impartial, adversarial judicial review. Sweeping in scope, the decisions
nonetheless left the vast majority of detainees in legal limbo: still incarcerated,
still awaiting their day in court. Almost a decade after its creation–despite
constitutional censure and promises by President Obama to shut it down–
the prison camp that Amnesty International has called "the gulag of
our times" remains mostly insulated from the rule of law. On the page,
habeas corpus may have triumphed over the Bush administration's war of
fear, but on the ground the "logic of detention" continues to unfold.

This disjuncture between promise and practice is equally pronounced, if
less discussed, in other areas of modern US law. In the realm of immigration
enforcement, where federal detention has expanded most rapidly in recent
years, similar tensions have developed between the judiciary and the
political branches, and with similar results. In 2001 the Supreme Court held
in INS v. St. Cyr that immigration detainees have habeas rights and that
deportation hearings managed by the Justice Department, an executive
agency, cannot be walled off from judicial review, as Clinton-era statutes
tried to do. In 2005 Congress responded with the Real ID Act, which in
addition to setting up the rudiments of a controversial national ID card
system, included scarcely noticed provisions to paralyze the writ of habeas
corpus in immigration cases without actually killing it. By imposing
thirty-day federal filing deadlines and limiting the purview of the judiciary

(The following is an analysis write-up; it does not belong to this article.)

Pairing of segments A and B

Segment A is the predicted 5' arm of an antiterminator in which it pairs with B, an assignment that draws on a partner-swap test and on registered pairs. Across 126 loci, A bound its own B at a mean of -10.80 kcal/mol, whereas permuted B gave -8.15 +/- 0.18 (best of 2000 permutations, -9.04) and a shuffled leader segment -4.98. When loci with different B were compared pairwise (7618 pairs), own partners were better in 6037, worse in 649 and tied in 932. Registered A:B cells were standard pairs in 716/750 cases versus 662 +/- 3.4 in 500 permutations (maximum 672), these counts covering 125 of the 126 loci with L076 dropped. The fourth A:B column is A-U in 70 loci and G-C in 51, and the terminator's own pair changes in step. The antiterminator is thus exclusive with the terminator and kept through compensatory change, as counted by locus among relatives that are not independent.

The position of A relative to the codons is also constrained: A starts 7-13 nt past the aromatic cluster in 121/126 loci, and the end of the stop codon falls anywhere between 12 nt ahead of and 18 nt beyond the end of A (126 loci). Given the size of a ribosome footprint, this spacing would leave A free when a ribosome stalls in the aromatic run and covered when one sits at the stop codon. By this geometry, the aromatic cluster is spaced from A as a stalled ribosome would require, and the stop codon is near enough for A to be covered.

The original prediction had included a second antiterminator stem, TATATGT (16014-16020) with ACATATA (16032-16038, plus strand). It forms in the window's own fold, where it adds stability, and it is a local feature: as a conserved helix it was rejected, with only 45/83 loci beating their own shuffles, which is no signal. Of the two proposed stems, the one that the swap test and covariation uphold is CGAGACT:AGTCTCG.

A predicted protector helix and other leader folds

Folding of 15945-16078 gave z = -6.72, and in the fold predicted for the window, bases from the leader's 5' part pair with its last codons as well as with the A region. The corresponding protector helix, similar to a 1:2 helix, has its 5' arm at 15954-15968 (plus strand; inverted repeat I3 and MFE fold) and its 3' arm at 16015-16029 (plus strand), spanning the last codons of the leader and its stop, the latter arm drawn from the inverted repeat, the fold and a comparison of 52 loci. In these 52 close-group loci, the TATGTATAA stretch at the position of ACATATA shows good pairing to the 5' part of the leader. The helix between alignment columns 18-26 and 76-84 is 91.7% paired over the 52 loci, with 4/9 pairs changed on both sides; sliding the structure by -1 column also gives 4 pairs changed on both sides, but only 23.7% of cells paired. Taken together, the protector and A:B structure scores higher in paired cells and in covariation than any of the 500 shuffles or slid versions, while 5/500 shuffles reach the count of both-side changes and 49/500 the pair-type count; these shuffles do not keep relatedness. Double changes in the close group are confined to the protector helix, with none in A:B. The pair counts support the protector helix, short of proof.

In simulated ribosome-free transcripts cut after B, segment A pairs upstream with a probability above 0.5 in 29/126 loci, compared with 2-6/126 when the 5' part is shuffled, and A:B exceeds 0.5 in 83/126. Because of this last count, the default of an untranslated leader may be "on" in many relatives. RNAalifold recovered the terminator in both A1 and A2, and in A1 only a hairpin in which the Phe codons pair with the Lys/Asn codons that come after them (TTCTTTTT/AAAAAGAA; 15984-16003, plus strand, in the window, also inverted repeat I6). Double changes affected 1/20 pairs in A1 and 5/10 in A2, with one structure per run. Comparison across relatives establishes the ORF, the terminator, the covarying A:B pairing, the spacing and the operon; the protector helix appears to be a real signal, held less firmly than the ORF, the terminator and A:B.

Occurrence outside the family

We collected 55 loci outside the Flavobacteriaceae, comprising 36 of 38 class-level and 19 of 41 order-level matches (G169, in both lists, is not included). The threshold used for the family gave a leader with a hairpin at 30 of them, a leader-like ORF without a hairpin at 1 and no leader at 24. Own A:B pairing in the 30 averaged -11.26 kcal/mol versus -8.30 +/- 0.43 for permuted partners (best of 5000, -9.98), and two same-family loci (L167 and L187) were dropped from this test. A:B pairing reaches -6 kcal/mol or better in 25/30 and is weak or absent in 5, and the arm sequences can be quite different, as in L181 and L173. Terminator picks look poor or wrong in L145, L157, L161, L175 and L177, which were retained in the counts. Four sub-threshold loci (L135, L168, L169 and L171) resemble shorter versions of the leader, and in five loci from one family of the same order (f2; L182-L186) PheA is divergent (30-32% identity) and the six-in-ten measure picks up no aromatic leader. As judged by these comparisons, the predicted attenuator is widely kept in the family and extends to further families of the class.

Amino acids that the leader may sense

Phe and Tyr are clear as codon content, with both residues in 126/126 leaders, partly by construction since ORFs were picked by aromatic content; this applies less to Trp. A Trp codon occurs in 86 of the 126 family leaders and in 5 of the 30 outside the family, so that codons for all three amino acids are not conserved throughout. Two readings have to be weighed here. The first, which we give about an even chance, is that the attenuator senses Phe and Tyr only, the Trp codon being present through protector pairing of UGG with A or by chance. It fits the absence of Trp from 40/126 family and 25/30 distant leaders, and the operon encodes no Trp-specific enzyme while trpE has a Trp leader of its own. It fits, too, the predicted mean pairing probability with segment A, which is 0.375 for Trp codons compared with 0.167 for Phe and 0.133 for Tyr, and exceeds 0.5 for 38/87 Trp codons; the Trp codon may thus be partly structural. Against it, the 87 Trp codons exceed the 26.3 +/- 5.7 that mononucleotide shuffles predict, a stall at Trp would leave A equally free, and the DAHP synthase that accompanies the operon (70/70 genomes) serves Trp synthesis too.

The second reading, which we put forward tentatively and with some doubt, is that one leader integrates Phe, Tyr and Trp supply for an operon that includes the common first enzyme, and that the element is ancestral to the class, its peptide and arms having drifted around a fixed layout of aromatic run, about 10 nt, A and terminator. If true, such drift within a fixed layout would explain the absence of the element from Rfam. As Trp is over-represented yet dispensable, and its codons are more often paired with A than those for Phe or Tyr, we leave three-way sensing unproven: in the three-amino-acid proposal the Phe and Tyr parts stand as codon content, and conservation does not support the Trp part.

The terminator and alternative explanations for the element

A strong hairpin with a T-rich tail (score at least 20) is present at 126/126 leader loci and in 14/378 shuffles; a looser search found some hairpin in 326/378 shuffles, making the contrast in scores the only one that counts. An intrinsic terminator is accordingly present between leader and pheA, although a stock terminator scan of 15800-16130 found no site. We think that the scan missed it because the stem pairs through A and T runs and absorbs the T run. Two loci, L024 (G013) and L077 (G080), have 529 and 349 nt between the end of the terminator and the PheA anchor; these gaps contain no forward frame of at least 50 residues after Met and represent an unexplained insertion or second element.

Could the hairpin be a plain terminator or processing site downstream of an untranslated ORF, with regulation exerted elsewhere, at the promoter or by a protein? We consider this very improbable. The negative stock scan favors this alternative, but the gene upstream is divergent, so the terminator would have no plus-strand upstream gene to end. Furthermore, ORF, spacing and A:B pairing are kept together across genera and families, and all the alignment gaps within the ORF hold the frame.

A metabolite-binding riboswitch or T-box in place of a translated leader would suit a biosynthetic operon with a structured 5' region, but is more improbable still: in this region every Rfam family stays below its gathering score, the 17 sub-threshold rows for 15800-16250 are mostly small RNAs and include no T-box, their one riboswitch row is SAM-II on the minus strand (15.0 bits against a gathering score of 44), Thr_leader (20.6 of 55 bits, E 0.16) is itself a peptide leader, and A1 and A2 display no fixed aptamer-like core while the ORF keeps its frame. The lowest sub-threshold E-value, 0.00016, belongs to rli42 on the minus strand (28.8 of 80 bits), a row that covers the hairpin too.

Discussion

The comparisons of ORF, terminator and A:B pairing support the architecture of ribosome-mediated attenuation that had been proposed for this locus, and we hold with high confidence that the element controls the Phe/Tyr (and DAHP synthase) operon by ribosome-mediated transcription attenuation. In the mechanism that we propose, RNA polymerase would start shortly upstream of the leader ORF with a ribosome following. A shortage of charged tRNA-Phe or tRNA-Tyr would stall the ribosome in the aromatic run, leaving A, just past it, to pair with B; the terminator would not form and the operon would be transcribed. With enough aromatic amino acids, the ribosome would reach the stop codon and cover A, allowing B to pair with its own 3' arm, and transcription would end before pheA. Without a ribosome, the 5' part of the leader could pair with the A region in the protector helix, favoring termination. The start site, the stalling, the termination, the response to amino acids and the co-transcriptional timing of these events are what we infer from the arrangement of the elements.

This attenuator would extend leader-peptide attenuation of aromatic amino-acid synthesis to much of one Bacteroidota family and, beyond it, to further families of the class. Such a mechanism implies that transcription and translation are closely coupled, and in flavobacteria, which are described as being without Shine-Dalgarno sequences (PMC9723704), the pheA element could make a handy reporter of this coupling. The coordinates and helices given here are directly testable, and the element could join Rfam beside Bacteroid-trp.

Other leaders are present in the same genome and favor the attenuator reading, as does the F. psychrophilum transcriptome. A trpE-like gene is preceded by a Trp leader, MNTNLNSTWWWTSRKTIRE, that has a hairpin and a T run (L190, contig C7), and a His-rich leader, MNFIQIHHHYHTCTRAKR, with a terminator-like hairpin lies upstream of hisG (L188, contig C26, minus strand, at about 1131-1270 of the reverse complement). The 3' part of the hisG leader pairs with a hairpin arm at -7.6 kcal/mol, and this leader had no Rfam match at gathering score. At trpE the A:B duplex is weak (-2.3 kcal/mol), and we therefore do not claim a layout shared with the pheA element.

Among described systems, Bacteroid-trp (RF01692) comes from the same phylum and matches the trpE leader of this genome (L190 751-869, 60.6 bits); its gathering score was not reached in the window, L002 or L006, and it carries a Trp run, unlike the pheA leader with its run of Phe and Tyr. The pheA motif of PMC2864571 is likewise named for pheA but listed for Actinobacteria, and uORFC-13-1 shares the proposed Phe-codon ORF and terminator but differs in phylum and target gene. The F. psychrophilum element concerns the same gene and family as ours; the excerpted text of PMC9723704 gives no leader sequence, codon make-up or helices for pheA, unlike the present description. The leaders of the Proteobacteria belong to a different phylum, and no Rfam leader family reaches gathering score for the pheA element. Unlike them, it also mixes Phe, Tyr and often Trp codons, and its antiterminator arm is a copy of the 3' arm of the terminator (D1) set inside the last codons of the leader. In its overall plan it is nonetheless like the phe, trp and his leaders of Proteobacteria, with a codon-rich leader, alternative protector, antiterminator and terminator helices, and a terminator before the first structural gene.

to questions of constitutional law rather than the factual record of individual
cases, the statute preserved habeas in name but in effect made it unavailable
to thousands of detainees each year. "The government has so chipped
away at habeas in immigration cases as to make it an almost meaningless
right," says Lee Gelernt, an ACLU attorney who is building a case to
challenge the new law. He adds that an executive-only approach to
immigration enforcement has continued under the Obama administration,
which detained 380,000 individuals on immigration violations in 2009,
almost none of whom are provided access to counsel or even an independent
court hearing, much less habeas review.

In conventional criminal law, the United States is unique in using habeas
corpus primarily as a postconviction remedy. Invoking the writ successfully
has never been easy, as the case of Wilbert Rideau makes clear.
Nevertheless, postconviction habeas developed into an important alternative
to direct appeals and as a mechanism of equity relief, especially in death
penalty and civil rights cases. During the divisive crime debates of the